Headley, army officer link: Pak dismisses media reports

Pakistan dismissed reports that LeT operative David Headley had linked serving Pakistani army officers to the 2008 Mumbai attacks.

Islamabad: Pakistan on Thursday dismissed
reports that LeT operative David Headley had linked serving
Pakistani army officers to the 2008 Mumbai attacks, saying
they were based on "misguided leaks" aimed at maligning the

Asked about Indian media reports that Headley had
named three Pakistan Army officers who collaborated with the
terrorists responsible for the attacks, Foreign Office
spokesman Abdul Basit said they were based on "self-serving
and misguided leaks which are meant only to malign our
security agencies and Pakistan".

"These reports are not worth our comments," Basit
told a weekly news briefing at the Foreign Office.
Headley, who has confessed to plotting the deadly
26/11 attacks, is being questioned by a team of Indian
investigators in the US.

Basit said it was "important (and) high time" that
India dispensed with its "historical bias against Pakistan so
that our two countries can make a new beginning in South Asia
with a view to promoting peace and prosperity in our region".

The reports had said that Headley had told Indian
investigators who questioned him that three majors of the
Pakistan Army had collaborated with the terrorists who carried
out the attack.

Headley also purportedly said that members of the
Lashker-e-Taiba carried out the attacks under the "guidance"
of Pakistan`s Inter-Services Intelligence agency.

Basit also parried a question about US Assistant
Secretary of State for South Asia Robert Blake`s remarks that
the US administration had sought assurances from Pakistan that
weapons provided by America would not be used against India.

"He (Blake) has said what he had to say and I have
nothing to add to what he has said," Basit said.

The spokesman remarked that the trust deficit
between Pakistan and India was "not a new phenomenon" and has
been there "for decades because of several reasons".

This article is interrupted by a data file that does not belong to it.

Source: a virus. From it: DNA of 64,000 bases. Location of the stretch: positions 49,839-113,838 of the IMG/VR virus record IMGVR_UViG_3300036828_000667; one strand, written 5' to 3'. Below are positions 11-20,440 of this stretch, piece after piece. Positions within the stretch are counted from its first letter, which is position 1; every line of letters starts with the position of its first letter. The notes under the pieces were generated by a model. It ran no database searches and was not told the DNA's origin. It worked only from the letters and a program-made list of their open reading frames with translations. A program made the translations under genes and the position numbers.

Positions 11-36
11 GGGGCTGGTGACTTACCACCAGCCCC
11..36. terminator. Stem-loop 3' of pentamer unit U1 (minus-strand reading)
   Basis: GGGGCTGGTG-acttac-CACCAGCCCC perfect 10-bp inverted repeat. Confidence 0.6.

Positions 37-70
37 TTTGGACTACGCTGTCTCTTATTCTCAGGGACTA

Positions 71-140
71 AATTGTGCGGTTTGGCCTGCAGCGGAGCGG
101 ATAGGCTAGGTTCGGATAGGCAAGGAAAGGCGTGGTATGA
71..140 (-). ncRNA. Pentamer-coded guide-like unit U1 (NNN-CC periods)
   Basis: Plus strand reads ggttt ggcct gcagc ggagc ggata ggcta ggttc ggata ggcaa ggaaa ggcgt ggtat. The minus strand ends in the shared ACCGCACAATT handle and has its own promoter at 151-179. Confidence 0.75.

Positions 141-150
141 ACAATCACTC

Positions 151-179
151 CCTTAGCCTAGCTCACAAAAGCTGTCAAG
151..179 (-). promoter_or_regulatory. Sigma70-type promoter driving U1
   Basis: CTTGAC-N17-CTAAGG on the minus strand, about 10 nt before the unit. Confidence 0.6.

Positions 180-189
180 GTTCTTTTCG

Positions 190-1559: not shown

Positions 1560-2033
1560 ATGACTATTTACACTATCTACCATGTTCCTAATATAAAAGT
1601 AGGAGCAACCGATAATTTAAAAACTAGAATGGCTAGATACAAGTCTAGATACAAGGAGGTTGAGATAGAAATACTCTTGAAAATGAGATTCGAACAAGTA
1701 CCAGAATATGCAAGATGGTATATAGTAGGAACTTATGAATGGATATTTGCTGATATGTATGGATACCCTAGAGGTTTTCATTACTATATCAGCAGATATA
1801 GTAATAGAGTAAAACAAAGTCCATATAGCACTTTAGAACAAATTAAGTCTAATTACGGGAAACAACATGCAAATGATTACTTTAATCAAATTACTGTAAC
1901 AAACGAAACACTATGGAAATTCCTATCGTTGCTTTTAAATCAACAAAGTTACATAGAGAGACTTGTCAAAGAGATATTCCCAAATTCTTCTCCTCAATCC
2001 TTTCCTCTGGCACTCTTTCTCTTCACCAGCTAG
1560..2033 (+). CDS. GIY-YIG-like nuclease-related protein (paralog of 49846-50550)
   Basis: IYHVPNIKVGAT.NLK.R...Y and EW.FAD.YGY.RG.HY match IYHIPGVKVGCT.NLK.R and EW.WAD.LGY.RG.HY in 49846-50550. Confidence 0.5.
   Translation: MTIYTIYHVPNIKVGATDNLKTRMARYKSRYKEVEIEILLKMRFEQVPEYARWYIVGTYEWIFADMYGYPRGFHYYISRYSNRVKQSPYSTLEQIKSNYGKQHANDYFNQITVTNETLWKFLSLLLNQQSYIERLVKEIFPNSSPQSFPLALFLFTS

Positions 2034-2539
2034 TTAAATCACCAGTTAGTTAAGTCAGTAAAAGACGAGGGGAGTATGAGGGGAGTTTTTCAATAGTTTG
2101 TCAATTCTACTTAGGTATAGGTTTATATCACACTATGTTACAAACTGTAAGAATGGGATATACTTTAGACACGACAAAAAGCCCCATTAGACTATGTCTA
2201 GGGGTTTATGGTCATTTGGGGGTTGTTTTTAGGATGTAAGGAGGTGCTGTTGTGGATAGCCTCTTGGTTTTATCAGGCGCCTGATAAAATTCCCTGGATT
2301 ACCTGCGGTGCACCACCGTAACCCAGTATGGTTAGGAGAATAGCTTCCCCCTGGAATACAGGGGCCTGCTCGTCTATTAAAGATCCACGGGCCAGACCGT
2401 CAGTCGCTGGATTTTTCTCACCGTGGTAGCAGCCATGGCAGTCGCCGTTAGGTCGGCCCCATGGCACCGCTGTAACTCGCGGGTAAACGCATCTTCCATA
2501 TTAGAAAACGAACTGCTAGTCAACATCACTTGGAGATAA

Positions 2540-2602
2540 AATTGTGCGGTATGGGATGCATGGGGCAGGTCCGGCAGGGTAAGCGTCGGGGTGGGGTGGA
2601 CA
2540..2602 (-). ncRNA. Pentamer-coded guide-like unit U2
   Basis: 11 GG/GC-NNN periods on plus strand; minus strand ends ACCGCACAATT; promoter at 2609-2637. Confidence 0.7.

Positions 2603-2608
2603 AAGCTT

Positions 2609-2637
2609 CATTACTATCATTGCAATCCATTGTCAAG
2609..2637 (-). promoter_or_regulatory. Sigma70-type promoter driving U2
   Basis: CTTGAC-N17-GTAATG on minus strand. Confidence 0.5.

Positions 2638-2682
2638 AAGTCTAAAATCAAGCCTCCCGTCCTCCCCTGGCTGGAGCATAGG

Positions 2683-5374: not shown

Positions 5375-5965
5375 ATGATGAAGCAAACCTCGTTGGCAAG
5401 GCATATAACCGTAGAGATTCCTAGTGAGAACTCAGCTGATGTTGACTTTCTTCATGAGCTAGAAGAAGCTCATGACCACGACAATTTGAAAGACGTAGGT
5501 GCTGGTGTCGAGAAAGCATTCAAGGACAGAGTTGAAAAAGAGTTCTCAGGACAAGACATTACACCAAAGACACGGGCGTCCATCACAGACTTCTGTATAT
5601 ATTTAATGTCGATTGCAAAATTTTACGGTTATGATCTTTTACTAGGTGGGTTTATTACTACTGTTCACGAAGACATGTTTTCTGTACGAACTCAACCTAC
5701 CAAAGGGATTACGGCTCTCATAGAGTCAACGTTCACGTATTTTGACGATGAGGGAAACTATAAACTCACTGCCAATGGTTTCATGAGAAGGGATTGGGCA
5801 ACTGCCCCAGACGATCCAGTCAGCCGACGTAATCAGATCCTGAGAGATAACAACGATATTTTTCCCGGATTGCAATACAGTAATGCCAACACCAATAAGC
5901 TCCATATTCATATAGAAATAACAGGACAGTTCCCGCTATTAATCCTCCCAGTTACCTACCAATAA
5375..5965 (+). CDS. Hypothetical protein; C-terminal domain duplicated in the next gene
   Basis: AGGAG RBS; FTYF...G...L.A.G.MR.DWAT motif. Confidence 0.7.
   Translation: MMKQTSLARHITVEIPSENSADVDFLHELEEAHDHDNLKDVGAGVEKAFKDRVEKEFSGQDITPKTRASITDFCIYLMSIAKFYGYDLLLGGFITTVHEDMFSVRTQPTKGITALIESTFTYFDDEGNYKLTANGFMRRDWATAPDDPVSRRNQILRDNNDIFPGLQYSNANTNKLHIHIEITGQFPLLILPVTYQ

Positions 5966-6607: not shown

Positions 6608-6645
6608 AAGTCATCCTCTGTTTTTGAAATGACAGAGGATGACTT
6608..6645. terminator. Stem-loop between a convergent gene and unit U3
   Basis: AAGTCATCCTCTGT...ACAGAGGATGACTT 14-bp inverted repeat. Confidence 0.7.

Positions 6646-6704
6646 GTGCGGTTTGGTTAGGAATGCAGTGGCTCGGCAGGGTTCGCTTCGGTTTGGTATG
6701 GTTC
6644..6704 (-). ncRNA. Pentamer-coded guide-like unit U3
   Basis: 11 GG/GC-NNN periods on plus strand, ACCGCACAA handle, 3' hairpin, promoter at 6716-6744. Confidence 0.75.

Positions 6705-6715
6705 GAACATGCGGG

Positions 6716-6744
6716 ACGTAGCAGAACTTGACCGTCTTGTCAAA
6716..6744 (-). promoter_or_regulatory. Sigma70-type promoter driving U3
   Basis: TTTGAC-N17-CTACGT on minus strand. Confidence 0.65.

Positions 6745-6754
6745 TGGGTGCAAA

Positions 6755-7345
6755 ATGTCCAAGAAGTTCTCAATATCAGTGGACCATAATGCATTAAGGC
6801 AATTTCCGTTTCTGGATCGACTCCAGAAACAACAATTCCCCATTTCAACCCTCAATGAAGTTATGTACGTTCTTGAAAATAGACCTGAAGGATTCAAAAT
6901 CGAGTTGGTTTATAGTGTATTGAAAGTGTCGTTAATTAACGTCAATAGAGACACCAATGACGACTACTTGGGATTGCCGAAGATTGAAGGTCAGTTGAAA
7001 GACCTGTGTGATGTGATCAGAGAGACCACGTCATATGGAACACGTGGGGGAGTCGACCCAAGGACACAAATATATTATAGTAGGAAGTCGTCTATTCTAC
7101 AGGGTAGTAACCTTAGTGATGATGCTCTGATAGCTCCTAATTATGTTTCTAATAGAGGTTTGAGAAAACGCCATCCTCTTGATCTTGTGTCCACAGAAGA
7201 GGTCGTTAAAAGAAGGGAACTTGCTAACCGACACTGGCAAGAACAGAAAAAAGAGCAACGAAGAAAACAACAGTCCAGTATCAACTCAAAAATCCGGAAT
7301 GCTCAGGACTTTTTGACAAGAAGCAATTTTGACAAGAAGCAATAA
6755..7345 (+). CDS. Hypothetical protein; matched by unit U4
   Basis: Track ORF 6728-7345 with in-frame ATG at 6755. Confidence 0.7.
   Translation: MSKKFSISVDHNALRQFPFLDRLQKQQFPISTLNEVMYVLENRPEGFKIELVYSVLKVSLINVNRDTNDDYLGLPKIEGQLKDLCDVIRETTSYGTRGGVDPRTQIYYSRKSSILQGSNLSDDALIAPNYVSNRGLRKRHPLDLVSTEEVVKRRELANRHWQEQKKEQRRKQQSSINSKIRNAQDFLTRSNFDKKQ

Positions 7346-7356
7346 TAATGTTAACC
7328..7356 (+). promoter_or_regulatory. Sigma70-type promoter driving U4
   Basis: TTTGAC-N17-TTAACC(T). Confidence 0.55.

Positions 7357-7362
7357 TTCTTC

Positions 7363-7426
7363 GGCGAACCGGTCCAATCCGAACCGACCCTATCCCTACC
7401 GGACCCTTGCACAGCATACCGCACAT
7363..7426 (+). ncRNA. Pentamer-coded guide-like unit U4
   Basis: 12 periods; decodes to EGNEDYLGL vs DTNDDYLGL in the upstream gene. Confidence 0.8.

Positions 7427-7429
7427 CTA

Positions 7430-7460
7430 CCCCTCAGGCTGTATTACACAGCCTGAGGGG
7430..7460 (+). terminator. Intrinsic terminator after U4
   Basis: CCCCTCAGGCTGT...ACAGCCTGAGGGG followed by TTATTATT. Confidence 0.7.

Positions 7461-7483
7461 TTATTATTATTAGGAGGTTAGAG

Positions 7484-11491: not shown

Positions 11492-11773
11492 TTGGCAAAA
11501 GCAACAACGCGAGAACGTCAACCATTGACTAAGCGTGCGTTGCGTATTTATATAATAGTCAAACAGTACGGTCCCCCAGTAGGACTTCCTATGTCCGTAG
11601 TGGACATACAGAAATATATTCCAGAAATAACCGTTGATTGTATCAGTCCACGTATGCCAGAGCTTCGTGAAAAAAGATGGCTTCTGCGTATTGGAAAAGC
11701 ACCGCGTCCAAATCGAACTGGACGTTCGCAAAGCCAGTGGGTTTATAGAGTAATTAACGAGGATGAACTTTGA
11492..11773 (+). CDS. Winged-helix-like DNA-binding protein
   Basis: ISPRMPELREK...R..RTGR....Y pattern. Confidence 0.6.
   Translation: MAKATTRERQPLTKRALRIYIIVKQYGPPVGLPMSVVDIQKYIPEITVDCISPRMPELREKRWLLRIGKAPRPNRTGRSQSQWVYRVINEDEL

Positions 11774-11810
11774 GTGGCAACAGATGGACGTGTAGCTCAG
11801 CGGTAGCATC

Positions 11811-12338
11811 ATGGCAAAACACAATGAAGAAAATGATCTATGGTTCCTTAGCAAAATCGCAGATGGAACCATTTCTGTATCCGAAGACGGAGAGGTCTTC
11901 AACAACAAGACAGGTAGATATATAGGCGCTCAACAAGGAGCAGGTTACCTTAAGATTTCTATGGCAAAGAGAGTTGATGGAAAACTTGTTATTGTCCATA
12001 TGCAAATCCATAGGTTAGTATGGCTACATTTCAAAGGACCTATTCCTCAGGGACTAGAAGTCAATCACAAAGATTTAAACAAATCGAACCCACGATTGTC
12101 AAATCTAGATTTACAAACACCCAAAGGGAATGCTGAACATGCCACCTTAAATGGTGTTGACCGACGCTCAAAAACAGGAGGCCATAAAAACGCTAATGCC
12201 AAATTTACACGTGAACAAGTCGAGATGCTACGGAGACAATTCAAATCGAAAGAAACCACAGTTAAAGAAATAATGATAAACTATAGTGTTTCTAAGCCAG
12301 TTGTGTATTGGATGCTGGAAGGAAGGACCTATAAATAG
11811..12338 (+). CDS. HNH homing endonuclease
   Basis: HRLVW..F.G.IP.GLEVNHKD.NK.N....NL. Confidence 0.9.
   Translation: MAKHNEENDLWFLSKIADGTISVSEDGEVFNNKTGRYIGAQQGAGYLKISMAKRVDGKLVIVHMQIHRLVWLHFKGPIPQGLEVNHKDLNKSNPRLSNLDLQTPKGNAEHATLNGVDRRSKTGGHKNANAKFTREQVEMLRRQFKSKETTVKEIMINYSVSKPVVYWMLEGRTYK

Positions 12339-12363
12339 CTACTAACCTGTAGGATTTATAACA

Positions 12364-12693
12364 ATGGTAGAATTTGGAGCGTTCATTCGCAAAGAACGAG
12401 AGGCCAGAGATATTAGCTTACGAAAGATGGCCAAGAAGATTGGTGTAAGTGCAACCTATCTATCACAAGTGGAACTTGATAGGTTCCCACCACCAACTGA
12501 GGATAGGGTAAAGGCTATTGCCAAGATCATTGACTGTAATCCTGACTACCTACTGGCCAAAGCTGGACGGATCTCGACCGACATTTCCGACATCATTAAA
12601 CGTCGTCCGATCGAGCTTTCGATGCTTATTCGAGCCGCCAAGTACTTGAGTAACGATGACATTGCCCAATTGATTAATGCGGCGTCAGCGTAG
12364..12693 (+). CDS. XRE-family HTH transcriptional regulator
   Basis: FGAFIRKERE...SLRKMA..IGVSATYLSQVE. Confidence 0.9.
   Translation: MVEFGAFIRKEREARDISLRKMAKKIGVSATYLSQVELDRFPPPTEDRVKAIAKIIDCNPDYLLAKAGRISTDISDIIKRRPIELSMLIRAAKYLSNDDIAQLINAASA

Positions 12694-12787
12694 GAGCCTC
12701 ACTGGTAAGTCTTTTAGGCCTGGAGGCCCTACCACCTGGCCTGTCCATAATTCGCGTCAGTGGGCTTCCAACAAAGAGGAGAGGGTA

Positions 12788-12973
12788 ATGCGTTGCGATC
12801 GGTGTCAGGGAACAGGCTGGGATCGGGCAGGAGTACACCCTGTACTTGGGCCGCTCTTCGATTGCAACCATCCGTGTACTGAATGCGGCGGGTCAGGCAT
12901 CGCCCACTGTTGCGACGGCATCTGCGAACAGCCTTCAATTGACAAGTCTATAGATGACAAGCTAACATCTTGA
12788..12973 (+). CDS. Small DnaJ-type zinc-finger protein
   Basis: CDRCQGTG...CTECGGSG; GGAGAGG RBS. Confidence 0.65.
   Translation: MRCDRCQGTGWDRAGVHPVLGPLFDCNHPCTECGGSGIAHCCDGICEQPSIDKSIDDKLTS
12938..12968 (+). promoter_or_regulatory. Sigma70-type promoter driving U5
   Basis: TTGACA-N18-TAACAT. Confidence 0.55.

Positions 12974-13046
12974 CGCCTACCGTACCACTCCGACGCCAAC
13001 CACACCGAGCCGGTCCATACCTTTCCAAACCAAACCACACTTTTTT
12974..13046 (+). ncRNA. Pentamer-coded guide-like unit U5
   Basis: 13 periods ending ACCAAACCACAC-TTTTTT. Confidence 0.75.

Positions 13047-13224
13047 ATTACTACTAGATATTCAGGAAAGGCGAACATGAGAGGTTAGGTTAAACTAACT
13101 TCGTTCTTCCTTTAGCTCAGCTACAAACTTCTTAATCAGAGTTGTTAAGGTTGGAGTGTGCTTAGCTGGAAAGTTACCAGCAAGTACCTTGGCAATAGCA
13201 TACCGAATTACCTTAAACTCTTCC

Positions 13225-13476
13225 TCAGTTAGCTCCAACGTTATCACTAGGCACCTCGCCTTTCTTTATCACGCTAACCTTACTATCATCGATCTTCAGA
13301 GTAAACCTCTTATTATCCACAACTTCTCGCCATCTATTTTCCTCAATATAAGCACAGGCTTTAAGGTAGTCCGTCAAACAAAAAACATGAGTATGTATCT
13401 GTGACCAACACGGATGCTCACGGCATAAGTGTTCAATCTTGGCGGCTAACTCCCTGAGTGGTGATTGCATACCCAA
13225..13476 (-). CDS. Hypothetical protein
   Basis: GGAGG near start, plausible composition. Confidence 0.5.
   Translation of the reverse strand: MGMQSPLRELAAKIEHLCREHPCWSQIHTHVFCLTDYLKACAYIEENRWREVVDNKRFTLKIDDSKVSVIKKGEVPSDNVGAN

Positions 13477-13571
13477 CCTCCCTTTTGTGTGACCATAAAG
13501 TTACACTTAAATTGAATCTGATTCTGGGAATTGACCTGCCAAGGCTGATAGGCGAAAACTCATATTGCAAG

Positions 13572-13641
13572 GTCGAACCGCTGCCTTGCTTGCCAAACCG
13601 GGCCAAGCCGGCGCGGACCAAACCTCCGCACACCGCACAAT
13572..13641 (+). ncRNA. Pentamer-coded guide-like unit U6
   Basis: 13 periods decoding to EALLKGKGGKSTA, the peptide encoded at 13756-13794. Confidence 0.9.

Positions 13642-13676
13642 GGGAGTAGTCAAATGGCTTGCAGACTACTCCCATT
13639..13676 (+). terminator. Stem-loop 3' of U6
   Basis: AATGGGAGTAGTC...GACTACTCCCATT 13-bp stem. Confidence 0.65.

Basit said: "We believe that in order to move
forward meaningfully with a view to bridging this trust
deficit, it is important that as agreed by the two Prime
Ministers in Thimphu that the two sides discuss all the issues
which continue to bedevil our relations."

Pakistan intended to discuss all these outstanding
issues when the Foreign Ministers of the two countries meet in
Islamabad on July 15, Basit said.

Basit indicated that the two sides had begun
preparing the grounds for the upcoming meeting between the
Foreign Ministers and a meeting between Pakistani Interior
Minister Rehman Malik and his Indian counterpart P Chidambaram
on the sidelines of a SAARC conference in Islamabad on June

Pakistan`s High Commissioner to India Shahid Malik
had yesterday called on Chidambaram to discuss the forthcoming
meeting of the interior ministers.

"Overall, I think both our countries agree that we
need to move forward in a sustained manner so that the
engagement process is not disrupted again," Basit said.

"There is also a realisation that it is important
that we take meaningful steps forward so that the trust
deficit between our two countries can be bridged," he added.

In response to a question on the possible inclusion
of India as a permanent member of an expanded UN Security
Council, Basit said Pakistan wants reforms of the world body
to make it democratic, representative and transparent.

"We do not really support the expansion in the
permanent category of the Security Council. We are working
within the framework of the UN for consensus with other
like-minded countries and we have put on the table our
proposals," he said.